Please don’t use garden tools during thunderstorms.

29 03 2011

I realize that this should be common sense and that a directive ought not be necessary. Perhaps the infamous Darwin Awards crossed your mind when you read it, or maybe you’re expecting a horrific recounting of a farm tragedy. This blog is neither, so let me re-iterate:

Do NOT use garden tools during thunderstorms.

Now, you would think that gardeners would enjoy a rainy day off during the madness of spring lawn and garden work. Surely there must be laundry piling up, dust on the baseboards, and windows wanting washed. Perhaps the cupboards are bare and a trip to town for provisions is in order. A late lunch with a friend? A call to your sister? Wrapping up the fantastic book you’ve been working on? (“Of Flowers and a Village” a book of letters by Wilfrid Blunt, by the way. A real page turner!) These are all acceptable rainy day activities, and there are surely thousands more that don’t require the muddying of muck boots.

I was happy for the break from seedling duty–I’ve been potting up all sorts of things for the past two weeks: Eggplant, Fennel, Celeriac, Kale, more varieties of Tomatoes than I care to count. I’m particularly grateful for the respite from the Basil, which I never fail to over-sow in my seed starting trays. Current Baby Basil Count? 672. 6 different kinds. Pesto, anyone?

One thing I’ve learned at Meadowcreek is that there’s always more to do in a day than hours of sunlight. Slowly but surely I’m working out some inefficiencies in my daily routine–experiential learning, I think they call it. And that’s how I came to love building compost piles in the rain.

Technically, it’s a job that doesn’t require sunlight or low humidity, so it makes sense to do it on a wet day. I have a Honey-Do list a mile long for those dry, sunny days, and I’ve learned the hard way that laying tile and painting walls just doesn’t work so well when it’s raining. But, mostly, I build my piles in the rain because I’m lazy (err…rather, it’s more energy and time efficient).

I’ve recently changed the way I compost: I make refuse lasagna and just let it bake. For years I’d done the “throw everything into a bin, turn, and water” method, and it worked just fine. But as I’ve become more interested in BioIntensive gardening (a la the Ecology Action group), I’ve made a few changes. Starting with eliminating the Turn and Water steps.

Basically, here is how I build my piles:

I build a bin out of wood for mine, but you can use the framework you prefer as long as it’s at least 3’x3’x3′ to allow for adequate heat in the piles. 4′ is better, and I build my piles 8′ wide, 4′ deep, and 4′ high.

Start by using a pitchfork to loosen the ground where your pile will be.

If you have any cardboard boxes, branches, or twigs that you want to compost, make them your first layer as they take longer to decompose. Then put a layer of soil or existing compost over this layer.

From this point on, you’ll add items to your compost ACCORDING TO WEIGHT not volume. Often, your green layer will be more dense than your brown layer, and soil can be more dense than both. Here is the order in which you will add the materials:

Brown Layer
Green Layer
Soil Layer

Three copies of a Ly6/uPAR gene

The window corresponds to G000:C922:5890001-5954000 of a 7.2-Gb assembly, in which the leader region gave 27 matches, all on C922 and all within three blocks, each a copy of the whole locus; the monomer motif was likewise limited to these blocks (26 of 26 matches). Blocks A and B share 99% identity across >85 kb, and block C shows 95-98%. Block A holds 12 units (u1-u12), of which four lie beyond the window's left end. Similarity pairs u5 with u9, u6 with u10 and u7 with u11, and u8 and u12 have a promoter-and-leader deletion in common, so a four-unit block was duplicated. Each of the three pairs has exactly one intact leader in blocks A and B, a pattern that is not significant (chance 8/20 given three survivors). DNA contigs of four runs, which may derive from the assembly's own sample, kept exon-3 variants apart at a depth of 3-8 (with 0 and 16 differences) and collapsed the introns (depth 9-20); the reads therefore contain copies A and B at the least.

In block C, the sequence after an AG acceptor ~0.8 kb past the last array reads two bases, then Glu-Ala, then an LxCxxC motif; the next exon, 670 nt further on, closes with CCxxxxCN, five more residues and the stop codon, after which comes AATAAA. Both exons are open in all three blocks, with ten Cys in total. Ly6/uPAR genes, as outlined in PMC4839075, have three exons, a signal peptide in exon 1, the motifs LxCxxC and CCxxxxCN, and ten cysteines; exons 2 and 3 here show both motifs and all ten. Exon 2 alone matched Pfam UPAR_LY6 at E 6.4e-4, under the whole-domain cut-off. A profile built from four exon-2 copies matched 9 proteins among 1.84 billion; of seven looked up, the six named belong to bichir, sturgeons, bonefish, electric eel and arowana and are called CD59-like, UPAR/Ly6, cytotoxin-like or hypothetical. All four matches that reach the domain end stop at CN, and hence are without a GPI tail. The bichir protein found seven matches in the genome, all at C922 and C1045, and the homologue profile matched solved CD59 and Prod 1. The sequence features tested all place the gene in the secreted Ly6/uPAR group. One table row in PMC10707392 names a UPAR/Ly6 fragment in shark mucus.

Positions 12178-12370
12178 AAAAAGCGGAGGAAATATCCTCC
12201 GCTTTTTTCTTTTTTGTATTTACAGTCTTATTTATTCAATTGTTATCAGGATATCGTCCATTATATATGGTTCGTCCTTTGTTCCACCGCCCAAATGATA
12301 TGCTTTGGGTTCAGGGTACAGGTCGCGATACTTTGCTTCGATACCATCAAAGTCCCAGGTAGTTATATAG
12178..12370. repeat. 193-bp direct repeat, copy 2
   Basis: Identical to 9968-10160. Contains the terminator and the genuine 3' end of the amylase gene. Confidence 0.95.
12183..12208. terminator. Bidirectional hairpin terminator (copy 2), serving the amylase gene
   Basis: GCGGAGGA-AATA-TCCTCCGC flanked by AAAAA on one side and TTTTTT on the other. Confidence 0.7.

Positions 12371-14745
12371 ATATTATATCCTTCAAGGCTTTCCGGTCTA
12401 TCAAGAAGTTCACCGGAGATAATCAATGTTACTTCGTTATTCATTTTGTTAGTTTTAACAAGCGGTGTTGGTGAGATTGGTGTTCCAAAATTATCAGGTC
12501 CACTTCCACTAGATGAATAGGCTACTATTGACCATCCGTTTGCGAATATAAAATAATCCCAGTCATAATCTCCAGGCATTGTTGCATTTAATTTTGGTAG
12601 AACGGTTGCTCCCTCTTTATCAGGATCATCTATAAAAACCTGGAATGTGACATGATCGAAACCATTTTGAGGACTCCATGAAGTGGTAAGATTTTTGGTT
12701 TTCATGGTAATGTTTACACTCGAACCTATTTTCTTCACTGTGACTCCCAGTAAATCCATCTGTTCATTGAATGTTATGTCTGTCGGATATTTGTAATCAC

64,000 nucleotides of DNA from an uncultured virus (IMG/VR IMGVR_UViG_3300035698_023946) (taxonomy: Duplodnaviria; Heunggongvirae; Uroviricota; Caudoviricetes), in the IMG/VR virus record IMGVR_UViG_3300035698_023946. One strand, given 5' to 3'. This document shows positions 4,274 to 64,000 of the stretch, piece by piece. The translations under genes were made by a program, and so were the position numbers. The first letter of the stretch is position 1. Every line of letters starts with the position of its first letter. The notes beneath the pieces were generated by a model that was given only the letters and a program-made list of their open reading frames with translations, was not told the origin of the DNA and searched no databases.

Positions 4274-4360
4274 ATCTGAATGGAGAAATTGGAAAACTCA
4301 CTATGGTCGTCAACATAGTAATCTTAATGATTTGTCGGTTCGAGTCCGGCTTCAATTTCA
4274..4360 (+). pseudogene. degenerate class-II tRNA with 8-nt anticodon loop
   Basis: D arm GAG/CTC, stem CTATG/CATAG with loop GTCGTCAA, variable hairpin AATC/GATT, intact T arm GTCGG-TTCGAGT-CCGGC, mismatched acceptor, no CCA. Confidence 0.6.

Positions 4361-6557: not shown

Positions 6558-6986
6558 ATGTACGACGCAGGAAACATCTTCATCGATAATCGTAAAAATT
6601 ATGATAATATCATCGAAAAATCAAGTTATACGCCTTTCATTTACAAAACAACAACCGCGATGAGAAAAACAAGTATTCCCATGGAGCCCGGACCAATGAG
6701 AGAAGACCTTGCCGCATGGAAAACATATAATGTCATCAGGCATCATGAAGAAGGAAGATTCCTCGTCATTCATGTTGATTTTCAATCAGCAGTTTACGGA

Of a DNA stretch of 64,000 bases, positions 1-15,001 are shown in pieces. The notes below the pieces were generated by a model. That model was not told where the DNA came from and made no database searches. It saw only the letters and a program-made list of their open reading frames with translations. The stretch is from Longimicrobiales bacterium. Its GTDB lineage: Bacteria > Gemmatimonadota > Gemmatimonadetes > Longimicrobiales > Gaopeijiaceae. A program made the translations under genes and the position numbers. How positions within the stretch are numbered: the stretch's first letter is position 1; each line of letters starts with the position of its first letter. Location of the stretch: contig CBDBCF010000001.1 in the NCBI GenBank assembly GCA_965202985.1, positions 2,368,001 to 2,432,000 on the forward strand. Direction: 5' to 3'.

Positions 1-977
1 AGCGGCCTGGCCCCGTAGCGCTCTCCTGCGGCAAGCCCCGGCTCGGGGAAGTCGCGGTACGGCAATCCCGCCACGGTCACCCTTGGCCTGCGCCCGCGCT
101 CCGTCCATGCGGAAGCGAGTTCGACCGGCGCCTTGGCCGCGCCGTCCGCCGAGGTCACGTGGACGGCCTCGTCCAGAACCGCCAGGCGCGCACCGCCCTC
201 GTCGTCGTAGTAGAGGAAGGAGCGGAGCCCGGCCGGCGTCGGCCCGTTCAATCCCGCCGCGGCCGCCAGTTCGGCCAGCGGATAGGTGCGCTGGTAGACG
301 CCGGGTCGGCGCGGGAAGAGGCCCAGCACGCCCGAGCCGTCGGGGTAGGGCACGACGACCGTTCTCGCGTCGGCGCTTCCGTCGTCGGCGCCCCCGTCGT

You will want to make sure that you keep the pile evenly moist as you build it.

Your brown layer will provide the pile with carbon, which fuels the micro-organisms that break down the waste. “Brown” items include fall leaves, hay, straw, shredded paper (I love turning old bills and junk mail into dirt!), ashes from your fireplace or wood stove, and sawdust.

The green layer provides nitrogen. “Green” items are things like table scraps, weeds, grass clippings, poultry and livestock manures, and even coffee grounds. I also throw my bones in the compost pile, but never meat.

You always want to add your soil layer immediately after the green layer to keep odors from forming and attracting animals to your pile.

So, why do I do this in the rain? Well, that way I don’t have to worry about stopping to spray the pile down with water between layers.

I usually build my piles over time (but it’s best to get each pile built within 30 days, when possible). I end with the soil layer, and when it starts raining, I add the next brown layer (usually hay and manure from the goat barn).

I take a break for lunch to let the pile saturate (the hay also keeps the soil layer from being washed off the top of the pile in heavy rains). Then I add the green layer and soil layers, followed immediately by another layer of hay and manure. Then I’m finished with the pile until the rain stops. The rain will moisten the pile well, and without adding to your water bill! If it rains so much you start wondering whether you should build an ark, consider covering your pile with a tarp so that it doesn’t become over-saturated. Over-saturation causes the pile to cool off, thus halting decomposition.

On the next sunny day, add your green layer and soil layer. Then just wait for another rainy day to add on to your pile. You can turn your pile in about 6 weeks if you want, but just letting nature take her course results in a higher grade of compost in just a little extra time. And aren’t there things you’d rather do than turn compost?

I know that a picture is worth a thousand words, so I’ll try to find someone with a video camera so that we can post an easy-to-understand demonstration of this method. Or you can visit Meadowcreek on a rainy day and see how it’s done!

Meanwhile, don’t be afraid to try composting–whether you do it in the rain or sun. But please don’t use garden tools during thunderstorms.

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